The IMarEST was delighted to have been involved in an intensive partnership forum, co-hosted by the Commonwealth and Bloomberg Philanthropies for ‘champion’ countries that have volunteered to lead action groups tackling ocean issues under the Commonwealth Blue Charter.
The Commonwealth Blue Charter is an agreement by all 53 Commonwealth countries to actively co-operate to solve ocean-related problems and meet commitments for sustainable ocean development.
Representatives from the champion countries heard “pitches” and panels from over 40 potential partners from a variety of sectors including charities, science and research communities, the private sector and civil society.
The IMarEST spoke to the attending countries on its unique position within the marine sector and the range of support it could offer to the action groups, from the networks and expertise of the IMarEST’s diverse and global membership, to knowledge sharing and publishing support, education and training, and capacity building and professional development expertise.
Countries then sought out the best-placed partners to help them address their needs, ambitions and constraints, within the context of the nine currently assembled action groups under the Blue Charter:
- Blue Economy
- Commonwealth Clean Ocean Alliance
- Coral Reef Protection and Restoration
- Mangrove Restoration
- Marine Protected Areas
- Ocean Acidification
- Ocean and Climate change
- Ocean Observations
The Institute held discussions with each of the action groups and supplied an information sheet specific to each action group, detailing the range of support and resources it could offer to each individual group’s objectives, as they strive to make headway on varies ocean challenges, by sharing strategies, scaling up best practices and mobilising resources for shared projects.
“The power of partnerships delivers high impact solutions for some of the world’s greatest problems. We really believe that by combining our resources and our tools we are able to use that data to build ocean resilience around the world." Gemma Read head of Bloomberg’s Philanthropy & Engagement for Europe, the Middle East, Africa and Asia-Pacific.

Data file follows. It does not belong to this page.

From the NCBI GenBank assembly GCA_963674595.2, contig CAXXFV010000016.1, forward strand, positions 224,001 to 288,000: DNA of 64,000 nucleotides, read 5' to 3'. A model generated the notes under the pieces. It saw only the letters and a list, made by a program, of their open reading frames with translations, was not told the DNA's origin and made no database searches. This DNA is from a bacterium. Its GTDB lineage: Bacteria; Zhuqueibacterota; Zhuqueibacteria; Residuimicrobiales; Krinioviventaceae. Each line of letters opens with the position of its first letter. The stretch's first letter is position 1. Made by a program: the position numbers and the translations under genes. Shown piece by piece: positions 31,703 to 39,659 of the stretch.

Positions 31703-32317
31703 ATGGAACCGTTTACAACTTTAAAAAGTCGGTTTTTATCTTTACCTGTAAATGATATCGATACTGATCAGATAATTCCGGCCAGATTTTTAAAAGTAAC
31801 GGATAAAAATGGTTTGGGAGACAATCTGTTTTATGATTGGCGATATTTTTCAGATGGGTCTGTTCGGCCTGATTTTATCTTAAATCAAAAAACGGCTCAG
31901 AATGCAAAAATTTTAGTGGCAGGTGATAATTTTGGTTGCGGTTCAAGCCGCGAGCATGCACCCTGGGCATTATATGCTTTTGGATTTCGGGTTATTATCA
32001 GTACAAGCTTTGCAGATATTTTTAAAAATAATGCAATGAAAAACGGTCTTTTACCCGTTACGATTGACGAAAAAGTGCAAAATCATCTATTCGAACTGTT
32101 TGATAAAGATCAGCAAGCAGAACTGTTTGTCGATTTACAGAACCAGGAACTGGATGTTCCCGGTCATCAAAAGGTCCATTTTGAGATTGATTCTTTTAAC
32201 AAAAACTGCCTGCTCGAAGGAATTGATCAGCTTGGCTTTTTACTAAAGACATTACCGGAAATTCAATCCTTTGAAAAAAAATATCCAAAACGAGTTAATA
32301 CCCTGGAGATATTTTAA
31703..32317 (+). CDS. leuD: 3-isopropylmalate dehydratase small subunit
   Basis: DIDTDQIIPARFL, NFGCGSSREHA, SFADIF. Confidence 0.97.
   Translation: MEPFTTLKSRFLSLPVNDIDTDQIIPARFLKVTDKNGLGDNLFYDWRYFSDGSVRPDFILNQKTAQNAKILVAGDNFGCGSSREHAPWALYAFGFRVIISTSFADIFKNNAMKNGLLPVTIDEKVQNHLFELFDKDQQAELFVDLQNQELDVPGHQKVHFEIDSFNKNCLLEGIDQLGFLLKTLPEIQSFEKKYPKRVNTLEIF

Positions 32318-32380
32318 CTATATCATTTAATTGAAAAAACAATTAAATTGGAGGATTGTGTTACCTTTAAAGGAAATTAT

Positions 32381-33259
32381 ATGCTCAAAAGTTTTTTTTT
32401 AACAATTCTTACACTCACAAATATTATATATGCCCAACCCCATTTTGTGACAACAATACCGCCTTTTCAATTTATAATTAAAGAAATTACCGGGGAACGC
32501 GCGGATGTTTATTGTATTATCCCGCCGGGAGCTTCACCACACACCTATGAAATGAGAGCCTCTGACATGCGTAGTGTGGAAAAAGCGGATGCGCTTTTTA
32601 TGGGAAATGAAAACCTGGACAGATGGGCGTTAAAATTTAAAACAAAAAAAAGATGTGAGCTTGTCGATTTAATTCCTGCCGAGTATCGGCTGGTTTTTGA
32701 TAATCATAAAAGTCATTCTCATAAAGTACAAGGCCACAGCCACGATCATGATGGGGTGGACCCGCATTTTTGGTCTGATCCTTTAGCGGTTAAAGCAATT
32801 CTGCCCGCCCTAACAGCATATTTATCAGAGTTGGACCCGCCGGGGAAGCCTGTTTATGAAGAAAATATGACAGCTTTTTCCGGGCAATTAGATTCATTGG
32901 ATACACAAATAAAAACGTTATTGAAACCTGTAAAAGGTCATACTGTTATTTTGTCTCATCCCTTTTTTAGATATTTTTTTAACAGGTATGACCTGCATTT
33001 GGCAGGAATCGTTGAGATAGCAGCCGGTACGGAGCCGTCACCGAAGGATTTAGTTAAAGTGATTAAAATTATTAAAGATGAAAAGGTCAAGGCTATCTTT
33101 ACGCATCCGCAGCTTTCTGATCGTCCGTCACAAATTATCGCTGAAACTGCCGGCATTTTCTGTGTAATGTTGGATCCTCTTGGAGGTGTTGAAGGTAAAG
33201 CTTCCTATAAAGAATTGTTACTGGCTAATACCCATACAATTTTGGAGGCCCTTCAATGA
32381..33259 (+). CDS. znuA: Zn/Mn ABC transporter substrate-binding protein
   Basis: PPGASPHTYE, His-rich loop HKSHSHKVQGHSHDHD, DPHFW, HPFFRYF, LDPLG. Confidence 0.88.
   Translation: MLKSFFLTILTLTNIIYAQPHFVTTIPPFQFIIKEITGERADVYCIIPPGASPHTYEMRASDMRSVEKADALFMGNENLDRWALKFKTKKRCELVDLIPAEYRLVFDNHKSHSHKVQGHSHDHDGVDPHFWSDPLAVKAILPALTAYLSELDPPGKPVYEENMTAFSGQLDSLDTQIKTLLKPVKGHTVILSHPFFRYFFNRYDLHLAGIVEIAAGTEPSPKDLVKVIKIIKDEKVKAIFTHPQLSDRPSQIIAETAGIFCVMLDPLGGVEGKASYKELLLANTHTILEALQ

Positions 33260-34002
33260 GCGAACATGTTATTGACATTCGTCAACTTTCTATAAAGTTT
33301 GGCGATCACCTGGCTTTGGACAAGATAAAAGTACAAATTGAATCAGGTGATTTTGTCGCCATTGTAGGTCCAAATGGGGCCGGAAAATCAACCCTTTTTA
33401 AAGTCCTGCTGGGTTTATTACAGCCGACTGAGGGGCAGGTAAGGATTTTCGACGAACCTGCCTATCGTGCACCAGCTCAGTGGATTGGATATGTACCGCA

Alain de Comarmond, Principal Secretary of the Department of Environment of Seychelles, added that he was encouraged by the support from such a wide range of potential partners, as well as the teamwork amongst group members.
The UK and Vanuatu, for instance, have rallied 27 member states so far to join their action group on marine plastic pollution, also known as the Commonwealth Clean Ocean Alliance.
The UK is the Commonwealth Chair-in-Office, having chaired the last Commonwealth Heads of Government Meeting in 2018, and has made available £66.4 million for projects that tackle marine litter. It has also joined other action groups on coral reef restoration and protection (co-championed by Australia, Belize and Mauritius), mangrove restoration (led by Sri Lanka), ocean and climate change (led by Fiji) and ocean acidification (led by New Zealand).
“What we are trying to do here is to move the global ocean agenda forward. We hope that these action groups can become effective vehicles to deliver commitments such as the Sustainable Development Goals.” Paulo Kautoke, Senior Director for Trade, Oceans and Natural Resources at the Commonwealth.
The day-long event concluded with a special address from prominent environmental activist Alexandra Cousteau, who urged delegates to “articulate a vision of abundance” and focus on pooling together ideas, technologies and innovations to ensure a vibrant future for the ocean.
The partnerships programme was co-organised with Bloomberg Philanthropies’ Vibrant Oceans initiative, as part of the Commonwealth Blue Charter All Champions meeting held from 18 to 21 June in London.
“I am very excited that the IMarEST is involved with the Blue Charter initiative and hope that the forum will be the start of many prosperous relationships with the action groups, and their relevant Commonwealth countries, that will allow us to forge ongoing partnerships that strive towards the Institute’s vision of a world where marine resources and activities are sustained, managed and developed for the benefit of humanity.” David Loosley, IMarEST Chief Executive